Just to be clear, the prices of cards sold do not include delivery fee, and any delivery and service charges were added on for the buyer.
Suppose I didn’t open that nice Foil Vampiric Tutor. We would have still broken even with $157 in sales. That means that all of the cards that were not sold have now essentially become…free.
The Cards We Kept (for Free!)
Selling off those 9 most valuable cards meant I technically got to keep a lot of cards for free! That is, honestly, the best part about turning a profit or breaking even about selling singles from a booster box. I love the idea of playing Magic for cheap or free, so who wouldn’t be happy?
Here’s a shortlist of the more prominent cards I got to keep for free:
- Jeska, Thrice Reborn (Mythic)
- Apex Devastator (Mythic)
- Archon of Coronation (Mythic)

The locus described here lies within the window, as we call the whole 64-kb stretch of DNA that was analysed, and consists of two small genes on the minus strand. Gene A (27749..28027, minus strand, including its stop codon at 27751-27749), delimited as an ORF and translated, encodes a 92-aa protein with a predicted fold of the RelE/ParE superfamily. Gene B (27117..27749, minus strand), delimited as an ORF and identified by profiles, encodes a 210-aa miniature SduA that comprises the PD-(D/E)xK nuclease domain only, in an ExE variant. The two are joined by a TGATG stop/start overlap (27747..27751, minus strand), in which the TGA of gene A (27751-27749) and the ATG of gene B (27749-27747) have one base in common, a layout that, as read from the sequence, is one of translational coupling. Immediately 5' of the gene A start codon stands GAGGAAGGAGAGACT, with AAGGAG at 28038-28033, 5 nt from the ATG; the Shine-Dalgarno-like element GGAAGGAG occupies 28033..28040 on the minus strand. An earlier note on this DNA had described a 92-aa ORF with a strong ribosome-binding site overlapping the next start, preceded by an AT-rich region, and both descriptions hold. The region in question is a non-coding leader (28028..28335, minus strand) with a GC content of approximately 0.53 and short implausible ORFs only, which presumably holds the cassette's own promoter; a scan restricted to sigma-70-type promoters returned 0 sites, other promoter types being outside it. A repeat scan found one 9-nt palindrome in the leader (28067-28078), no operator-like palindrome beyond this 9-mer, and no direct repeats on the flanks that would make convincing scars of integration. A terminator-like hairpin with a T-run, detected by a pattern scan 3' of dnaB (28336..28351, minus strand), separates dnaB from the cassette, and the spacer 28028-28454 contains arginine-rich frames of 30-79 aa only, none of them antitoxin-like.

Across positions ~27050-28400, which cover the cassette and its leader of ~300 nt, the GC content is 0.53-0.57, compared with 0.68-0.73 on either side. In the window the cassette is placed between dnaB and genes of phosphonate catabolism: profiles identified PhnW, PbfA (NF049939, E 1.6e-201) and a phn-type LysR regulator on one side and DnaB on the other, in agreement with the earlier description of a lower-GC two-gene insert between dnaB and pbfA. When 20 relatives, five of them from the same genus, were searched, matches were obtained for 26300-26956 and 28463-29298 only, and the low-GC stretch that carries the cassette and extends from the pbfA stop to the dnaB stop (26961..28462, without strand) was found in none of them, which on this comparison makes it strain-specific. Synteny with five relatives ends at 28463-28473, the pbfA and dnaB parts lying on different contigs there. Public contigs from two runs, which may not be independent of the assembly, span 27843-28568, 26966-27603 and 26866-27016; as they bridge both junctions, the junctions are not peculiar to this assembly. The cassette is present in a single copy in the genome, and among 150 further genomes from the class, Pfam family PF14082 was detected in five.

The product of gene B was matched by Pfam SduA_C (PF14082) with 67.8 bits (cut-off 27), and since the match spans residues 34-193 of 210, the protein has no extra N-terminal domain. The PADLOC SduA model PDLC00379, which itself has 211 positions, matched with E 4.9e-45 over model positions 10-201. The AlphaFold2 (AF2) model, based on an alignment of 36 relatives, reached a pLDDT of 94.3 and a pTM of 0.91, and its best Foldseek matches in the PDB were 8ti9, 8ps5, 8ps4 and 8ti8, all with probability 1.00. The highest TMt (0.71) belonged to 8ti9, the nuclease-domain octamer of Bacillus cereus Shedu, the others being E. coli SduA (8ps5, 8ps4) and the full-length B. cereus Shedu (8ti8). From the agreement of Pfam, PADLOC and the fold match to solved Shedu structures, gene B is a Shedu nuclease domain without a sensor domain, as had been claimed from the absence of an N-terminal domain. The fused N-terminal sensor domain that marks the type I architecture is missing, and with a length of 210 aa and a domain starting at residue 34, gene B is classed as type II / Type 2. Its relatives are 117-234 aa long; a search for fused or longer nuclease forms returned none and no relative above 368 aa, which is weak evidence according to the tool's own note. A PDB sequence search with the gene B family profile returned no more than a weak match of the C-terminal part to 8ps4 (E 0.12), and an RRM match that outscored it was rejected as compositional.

- Command Beacon (Rare)
- Jared Carthalion, True Heir (Foil Rare)
- Armored Skyhunter (Foil Rare)
- Austere Command (Rare)
- Krark the Thumbless (Rare)
- Sengir, the Dark Baron (Rare)
- About 13 more Rares
End Step: Would I Do It Again?
It’s certainly tempting, especially when the mind dwells on the 58% profit and how much that would be if I multiplied that by 10 or 100 boxes. Realistically, I would not attempt this again with Commander Legends.
The obvious reason would be my luck would just not be able to hold out after such a splendid first booster box. What can top a Foil Vampiric Tutor? A Jeweled Lotus yes but those are very hard to get as well. More likely another box would result in lacklustre Mythics and cheap, bulk Rare cards.
By now, more packs have been opened and the market is starting to saturate. I would have to offer even lower prices to make an actual sale in this economy. So if you’re thinking of following my path and make money, please don’t. At the very least, wait till the next set arrives and then decide if it’s worth the gamble.
If you’re curious, check out our other article about how viable it is to make a living from being a full-time MTG trader.